1920s | Accessories | Bags / Purses | Blouses | Embroidery | Hats | Skirts | Vintage Sewing

A 1920 Ensemble

By on March 15, 2017

This outfit is my foray into the world of the late teens and early 20’s.  I used two patterns from Past Patterns, dated to circa 1920, for both my blouse and skirt, while my purse was made from a tapestry remnant and Vogue #7252, from the year 2000.  My hat is a thrift store find which I decorated to make-do and my shoes are close reproductions from Jeffrey Campbell.  I used primarily cotton for all pieces – even thread!  There are so many fine details to this set – the blouse has my hand-stitched floral designs on the neck, shoulders, and sleeves while I used old original glass teens/20’s era buttons for the front closure of the blouse.  There are real brass buttons along the pocket panel of the skirt…and check out those awesomely enormous pockets as big as mini suitcases!  My background was one of the very first “arcade” indoor shopping malls in our country, a lovely Gothic place built in 1919.  To see and read more, please visit my blog post here.

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1930s | Blouses | Skirts | Vintage Sewing

1930s Bishop Sleeve Blouse & Pocket Detail Skirt

By on December 8, 2016

1930s blouse and skirt

Do you ever have an idea in your mind that never really pans out when it comes to your sewing? Yep, that’s exactly what happened here. Both the blouse and skirt were going to be very different to how they actually turned out, mainly due to not having quite enough fabric for either of them!

The white silk with navy polka dots is actually a vintage fabric I picked up at a flea market. It was very narrow and as a result, the originally planned pattern of McCalls – 7053, from their Archive Collection, just didn’t fit. So after abandoning this idea, I decided to use the top half of this beautiful original 1930s dress pattern instead. It’s been sat in my collection for a while totally unused, but boy am I glad I used it this time.

Vintage 1930s Buttons

It worked out beautifully in this fabric, despite having to redo the front yoke many, many times. The issue was that it needed to be lined to give it some stability and the join at the bottom, where the button placket areas overlap, was incredibly fiddly. After many attempts, both on the machine and by hand, I finally got it to sit right. However, after all that stress I gave up on trying to do buttonholes, so just sewed the buttons in place.

1930s sleeve detail

Instead of finishing the sleeves with a mid-forearm cuff as shown in the pattern, I decided to add a long cuff right down to the wrist. I absolutely love this style of bishop sleeve, it’s so classically 1930s, and of course keeps your forearms warm! I finished it off with four buttons and rouleau loops to allow enough room to get my hand in and out.

The fabric itself, unfortunately, has weakened during the pre-wash and making up stages. As a result, I’ve decided to only wear it on special occasions and to try and find another white and navy polka dot fabric for a more wearable version. I think it would work well in a crepe or a soft cotton lawn.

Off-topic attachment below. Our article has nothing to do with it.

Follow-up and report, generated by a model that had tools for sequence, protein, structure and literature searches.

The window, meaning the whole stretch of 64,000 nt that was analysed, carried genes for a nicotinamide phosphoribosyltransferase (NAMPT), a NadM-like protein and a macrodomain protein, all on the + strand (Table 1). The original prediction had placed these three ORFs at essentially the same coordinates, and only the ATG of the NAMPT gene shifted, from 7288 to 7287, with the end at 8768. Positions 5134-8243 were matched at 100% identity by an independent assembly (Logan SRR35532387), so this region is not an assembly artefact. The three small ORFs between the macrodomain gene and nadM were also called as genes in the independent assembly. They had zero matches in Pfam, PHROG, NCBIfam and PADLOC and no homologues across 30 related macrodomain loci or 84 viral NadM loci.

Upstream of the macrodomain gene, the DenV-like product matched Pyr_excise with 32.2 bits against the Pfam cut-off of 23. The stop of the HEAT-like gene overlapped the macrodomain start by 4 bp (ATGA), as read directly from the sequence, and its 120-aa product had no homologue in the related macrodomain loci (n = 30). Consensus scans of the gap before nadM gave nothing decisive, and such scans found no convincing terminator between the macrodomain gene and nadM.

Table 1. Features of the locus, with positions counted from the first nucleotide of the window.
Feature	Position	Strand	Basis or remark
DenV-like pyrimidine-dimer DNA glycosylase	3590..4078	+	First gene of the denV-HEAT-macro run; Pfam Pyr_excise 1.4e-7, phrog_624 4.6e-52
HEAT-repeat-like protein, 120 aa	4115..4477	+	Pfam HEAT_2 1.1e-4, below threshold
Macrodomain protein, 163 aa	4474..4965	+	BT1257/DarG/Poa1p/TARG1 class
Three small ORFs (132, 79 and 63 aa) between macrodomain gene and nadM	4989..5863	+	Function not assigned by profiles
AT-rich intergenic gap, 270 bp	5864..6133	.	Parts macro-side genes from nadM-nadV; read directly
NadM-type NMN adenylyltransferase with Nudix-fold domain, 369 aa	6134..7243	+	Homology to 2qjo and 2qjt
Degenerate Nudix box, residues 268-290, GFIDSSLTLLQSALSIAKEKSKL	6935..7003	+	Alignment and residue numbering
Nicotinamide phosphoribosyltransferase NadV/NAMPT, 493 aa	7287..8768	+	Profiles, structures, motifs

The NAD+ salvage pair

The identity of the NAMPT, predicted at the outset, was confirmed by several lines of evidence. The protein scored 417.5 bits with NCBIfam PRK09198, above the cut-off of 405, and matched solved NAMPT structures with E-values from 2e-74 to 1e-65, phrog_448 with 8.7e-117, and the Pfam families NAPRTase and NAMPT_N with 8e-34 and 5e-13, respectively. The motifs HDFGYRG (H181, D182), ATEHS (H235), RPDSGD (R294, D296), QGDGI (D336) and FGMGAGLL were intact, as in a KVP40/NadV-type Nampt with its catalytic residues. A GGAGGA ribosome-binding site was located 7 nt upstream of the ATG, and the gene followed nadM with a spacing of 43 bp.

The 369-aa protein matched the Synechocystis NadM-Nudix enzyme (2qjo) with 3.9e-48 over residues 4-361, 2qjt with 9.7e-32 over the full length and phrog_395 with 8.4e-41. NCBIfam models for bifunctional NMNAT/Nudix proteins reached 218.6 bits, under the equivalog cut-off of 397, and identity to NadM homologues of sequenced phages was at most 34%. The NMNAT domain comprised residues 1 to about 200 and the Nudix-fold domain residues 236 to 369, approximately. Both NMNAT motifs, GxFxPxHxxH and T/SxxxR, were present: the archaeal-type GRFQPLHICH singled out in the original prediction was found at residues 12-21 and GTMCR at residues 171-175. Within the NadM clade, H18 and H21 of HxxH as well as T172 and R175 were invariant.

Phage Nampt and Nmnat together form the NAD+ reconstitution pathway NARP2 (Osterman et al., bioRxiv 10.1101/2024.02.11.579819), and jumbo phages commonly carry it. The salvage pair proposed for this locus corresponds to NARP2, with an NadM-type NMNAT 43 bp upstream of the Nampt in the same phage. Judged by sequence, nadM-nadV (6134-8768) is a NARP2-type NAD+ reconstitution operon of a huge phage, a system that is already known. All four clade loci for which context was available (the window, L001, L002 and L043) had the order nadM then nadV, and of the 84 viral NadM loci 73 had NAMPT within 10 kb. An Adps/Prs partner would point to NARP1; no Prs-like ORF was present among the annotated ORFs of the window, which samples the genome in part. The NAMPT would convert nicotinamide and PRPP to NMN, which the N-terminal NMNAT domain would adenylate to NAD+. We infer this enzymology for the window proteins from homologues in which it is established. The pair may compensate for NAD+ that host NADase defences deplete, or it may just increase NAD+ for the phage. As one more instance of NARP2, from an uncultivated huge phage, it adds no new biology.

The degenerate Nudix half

1930s blouse yoke detail

The skirt was drafted from another original 1930s pattern, which I’ve used multiple times as it’s such a simple design so can be changed to just about any style. The fabric is a deep mustard linen, which I bought from My Fabrics and a dream to work with. It’s quite a heavy weight linen so can be used for both summer and winter.

The design itself was taken from an original 1930s skirt I own but haven’t yet worn. I love the little pockets on it, so decided to replicate them here with a slightly different style button tab. They worked out quite well I think and give such a lovely interest to the front of the skirt, along with the deep single kick pleat on the centre front.

If you want to read more about it, and see the gorgeous original 1930s navy suede shoes I wore with it, just pop on over to my blog.

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1940s | 1950s | Skirts

Parrot Print Gathered Skirt

By on November 10, 2016
Akram's Ideas: Parrot Print Gathered Skirt

I love big novelty print skirts! Novelty skirts are kind of a staple of 40’s and 50’s fashion.

While I do love novelty print skirts, I actually have very few in my wardrobe. Since I get my fabric second hand I don’t usually come about interesting prints, mostly solids or modest floral prints.

However, when I came across this lovely vintage (or at least old) parrot print fabric I knew I was destined to make myself a novelty skirt.

Akram's Ideas: Parrot Print Gathered Skirt
This print makes the prefect Novelty Skirt

Originally I wanted to make a nice full circle skirt but alas, I didn’t have enough fabric. So in the end, I did a traditional gather skirt with waistband.

While the light weight cotton or print may not be autumn appropriate I’m still very happy with this skirt and can’t wait to get some serious wear out of it this summer.

Akram's Ideas: Parrot Print Gathered Skirt
Can’t wait to wear this next summer

To read more about my process for this fun novelty skirt see my blog Akram’s Ideas (http://akramsideas.com/vintage-inspired-gathered-skirt-parrot-print/)

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1960s | Skirts

3 Different Delphine Skirts

By on October 6, 2016

On of my most used patterns right now is the Delphine Skirt from the book Love at First Stitch by Tilly Walnes.

Akram's Ideas : 3 New Delphine Skirts
I made 3 different Delphine Skirts

While I’ve made a few of these skirts in the past, it was the “One Week One Pattern” or #OWOP16 challenge hosted by Cinderellis Sews, that prompted me to make a few new ones.

The goal of the challenge was to wear garments made from one pattern of your choice, every day for one week. I already had 4 previously made Delphine skirts, so that meant I only needed 3 more to make.

You can read about my previous makes here:

While the Delphine skirt is not exactly a vintage pattern it is retro inspired. The skirt itself has a classic 1960’s A-Line design.

Akram's Ideas : 3 New Delphine Skirts
I love this nautical inspired one

In the book Love at First Stitch , Tilly goes over a couple of variations on the skirt. Such as adding buttons to the font. Which is what I did for this nautical inspired version.